NASCAR NOTEBOOK From Daytona Beach, Fla.
Crow, Chesney to headline concert: Sheryl Crow and Kenny Chesney are among the four singers who will headline the Dale Earnhardt Tribute Concert, a charity event being put on by Earnhardt's widow, Teresa. The concert is set for June 28 at Daytona International Speedway and will be the first non-racing event to be held at the facility. Proceeds from the event will benefit the Dale Earnhardt Legacy Program, a charity that will donate money to children's, wildlife and educational programs, "supporting causes Dale championed in his lifetime," Teresa Earnhardt said. Brooks and Dunn and Alabama are the other artists scheduled to perform. Tickets for the general public go on sale March 22. Premium subscribers to the Dale Earnhardt Inc. Web site, which is being launched next week, will be able to purchase tickets beginning, appropriately, on March 03 -- 03-03-03.
Bud shootout: Geoffrey Bodine, who isn't even racing in the Daytona 500, drew the pole position for the Budweiser Shootout, NASCAR's season-opening exhibition race. Bodine had no plans to race at all this season, but wound up in next Saturday night's race when his brother, Brett, entered the car he plans to drive in the Daytona 500. Geoffrey has a guaranteed starting spot in the shootout because of his win in 1992, and Brett wants to use the exhibition race to preview how his car might run next week. "This is what's called brotherly love and I'm happy to be able to help Brett out," said Geoffrey, who finished third in last year's Daytona 500. Jimmie Johnson will start his second season in the No. 2 position. Defending Winston Cup champion Tony Stewart starts 12th in the 19-car field. The race format calls for an initial 20-lap segment. At lap 20, a caution flag will be thrown and teams will come down pit road for a 10-minute break to add fuel, change tires and adjust chassis. Drivers will align themselves in the same way they finished the first segment for a final 50-lap run that will require at least one fuel stop, due to 13.5-gallon fuel cells mandated by NASCAR. Starting in the 19th spot is Dale Earnhardt Jr. "Can't get any worse, I guess," Earnhardt said.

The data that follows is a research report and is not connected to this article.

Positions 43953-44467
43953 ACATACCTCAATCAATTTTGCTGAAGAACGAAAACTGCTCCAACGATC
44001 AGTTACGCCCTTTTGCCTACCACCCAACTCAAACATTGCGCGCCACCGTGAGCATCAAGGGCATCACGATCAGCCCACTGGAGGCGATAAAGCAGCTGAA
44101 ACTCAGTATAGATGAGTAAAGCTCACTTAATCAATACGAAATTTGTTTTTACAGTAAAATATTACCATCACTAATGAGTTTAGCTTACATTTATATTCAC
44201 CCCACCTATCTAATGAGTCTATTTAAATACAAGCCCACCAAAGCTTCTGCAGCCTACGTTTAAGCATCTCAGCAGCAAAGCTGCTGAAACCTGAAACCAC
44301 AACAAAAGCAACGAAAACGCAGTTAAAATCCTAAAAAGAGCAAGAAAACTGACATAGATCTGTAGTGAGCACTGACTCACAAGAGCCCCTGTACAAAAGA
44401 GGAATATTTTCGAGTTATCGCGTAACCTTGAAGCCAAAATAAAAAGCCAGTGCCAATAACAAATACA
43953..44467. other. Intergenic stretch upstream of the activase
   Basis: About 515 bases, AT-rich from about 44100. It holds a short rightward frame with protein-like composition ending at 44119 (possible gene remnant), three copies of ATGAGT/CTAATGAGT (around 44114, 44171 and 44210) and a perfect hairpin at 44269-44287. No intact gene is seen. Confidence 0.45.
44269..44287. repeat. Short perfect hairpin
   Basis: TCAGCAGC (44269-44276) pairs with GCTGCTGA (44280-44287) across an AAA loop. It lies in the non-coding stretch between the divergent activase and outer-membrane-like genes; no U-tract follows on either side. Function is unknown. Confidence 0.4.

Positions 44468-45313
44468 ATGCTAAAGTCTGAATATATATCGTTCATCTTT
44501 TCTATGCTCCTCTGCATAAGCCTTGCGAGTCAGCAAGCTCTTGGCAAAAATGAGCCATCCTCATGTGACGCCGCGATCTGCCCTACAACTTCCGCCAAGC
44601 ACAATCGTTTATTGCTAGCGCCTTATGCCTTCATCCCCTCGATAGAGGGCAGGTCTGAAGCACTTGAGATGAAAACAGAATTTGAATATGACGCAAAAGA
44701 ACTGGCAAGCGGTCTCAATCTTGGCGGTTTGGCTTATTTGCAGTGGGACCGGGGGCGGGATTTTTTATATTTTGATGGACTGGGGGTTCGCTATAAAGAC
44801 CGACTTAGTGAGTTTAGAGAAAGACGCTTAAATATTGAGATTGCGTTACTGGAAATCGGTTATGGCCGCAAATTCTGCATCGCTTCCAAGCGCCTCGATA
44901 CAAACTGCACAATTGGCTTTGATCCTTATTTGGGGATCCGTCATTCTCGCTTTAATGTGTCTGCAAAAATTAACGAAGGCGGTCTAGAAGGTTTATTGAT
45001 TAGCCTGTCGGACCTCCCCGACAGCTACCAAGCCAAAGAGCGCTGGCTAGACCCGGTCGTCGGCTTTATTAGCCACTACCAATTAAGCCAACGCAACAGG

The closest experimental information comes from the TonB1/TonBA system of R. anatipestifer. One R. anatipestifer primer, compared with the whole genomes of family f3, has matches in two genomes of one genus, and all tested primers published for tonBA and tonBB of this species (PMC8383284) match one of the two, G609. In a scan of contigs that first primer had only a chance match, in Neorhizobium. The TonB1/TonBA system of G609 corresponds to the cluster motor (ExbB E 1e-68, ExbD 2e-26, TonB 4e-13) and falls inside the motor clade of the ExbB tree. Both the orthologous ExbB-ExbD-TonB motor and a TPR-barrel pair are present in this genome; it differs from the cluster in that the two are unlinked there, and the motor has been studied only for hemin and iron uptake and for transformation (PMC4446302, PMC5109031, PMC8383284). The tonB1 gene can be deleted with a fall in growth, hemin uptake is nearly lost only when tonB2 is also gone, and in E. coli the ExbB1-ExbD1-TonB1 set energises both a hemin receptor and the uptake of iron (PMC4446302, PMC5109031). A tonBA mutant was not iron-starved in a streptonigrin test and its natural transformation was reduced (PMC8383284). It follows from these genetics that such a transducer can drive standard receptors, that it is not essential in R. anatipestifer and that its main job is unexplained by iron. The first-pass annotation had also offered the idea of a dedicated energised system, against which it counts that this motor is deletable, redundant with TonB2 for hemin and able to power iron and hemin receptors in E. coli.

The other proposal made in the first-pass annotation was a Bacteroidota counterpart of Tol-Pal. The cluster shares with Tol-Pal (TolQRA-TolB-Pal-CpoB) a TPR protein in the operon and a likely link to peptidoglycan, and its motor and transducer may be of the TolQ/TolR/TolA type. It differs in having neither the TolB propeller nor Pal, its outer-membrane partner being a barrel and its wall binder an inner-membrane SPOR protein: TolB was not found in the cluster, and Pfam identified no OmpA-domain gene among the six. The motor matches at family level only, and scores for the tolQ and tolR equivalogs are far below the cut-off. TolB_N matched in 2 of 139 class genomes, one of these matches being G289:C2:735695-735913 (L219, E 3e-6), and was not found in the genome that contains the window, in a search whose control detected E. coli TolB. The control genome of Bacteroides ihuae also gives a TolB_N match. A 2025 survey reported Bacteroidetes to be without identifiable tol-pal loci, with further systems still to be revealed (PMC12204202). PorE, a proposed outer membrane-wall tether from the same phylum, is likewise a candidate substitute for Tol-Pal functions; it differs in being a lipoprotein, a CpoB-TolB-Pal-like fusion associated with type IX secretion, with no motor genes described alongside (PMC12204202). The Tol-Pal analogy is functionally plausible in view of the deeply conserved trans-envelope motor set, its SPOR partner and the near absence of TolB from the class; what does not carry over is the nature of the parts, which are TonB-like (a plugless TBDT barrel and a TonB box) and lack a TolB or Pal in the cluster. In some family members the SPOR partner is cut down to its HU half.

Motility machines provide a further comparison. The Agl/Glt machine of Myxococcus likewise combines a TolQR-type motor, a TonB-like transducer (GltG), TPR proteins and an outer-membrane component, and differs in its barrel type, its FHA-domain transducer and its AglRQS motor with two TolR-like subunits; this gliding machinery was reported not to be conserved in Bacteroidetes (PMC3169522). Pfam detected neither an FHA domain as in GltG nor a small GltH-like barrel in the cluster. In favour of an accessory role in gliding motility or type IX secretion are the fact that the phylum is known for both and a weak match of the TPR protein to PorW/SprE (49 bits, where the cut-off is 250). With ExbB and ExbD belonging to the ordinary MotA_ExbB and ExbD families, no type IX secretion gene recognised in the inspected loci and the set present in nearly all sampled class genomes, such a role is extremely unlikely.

Harvick's frustrations: Kevin Harvick said he almost quit racing last year, after being suspended in April for rough driving. "If I didn't have my wife and some people to help me, I'd be lying on a beach somewhere," he said. "I was just fed up with it." Last year was a rough one for Harvick. His 21st-place finish in the Winston Cup points standings included some bad luck and bad sportsmanship. He said the 2002 season was a night-and-day difference from 2001, when he took over Dale Earnhardt's car and enjoyed immediate success, winning twice and finishing ninth in the standings. Harvick's advice for this year's second-year guys, like Ryan Newman and Jimmie Johnson: "After the first year, you might feel like you're doing well and the next year, you're supposed to be the best. I say just go out and don't listen to all that stuff."
Breathe deep: Dale Jarrett is among drivers taking heavy oxygen treatments after races to decrease the effects of breathing heavy amounts of carbon monoxide during races. Last month, Rick Mast retired because of chronic carbon monoxide poisoning that he left him nauseated, tired and with a constant headache. "That is what I lived with for five and a half weeks, seven days a week," Mast said. Years of working in and around cars can have a cumulative effect. Symptoms often sneak up on drivers because carbon monoxide is an odorless, colorless, tasteless gas. "You get more susceptible the longer your system is exposed to it," Jarrett said. "But this new system has been unbelievable for me."
-- Associated Press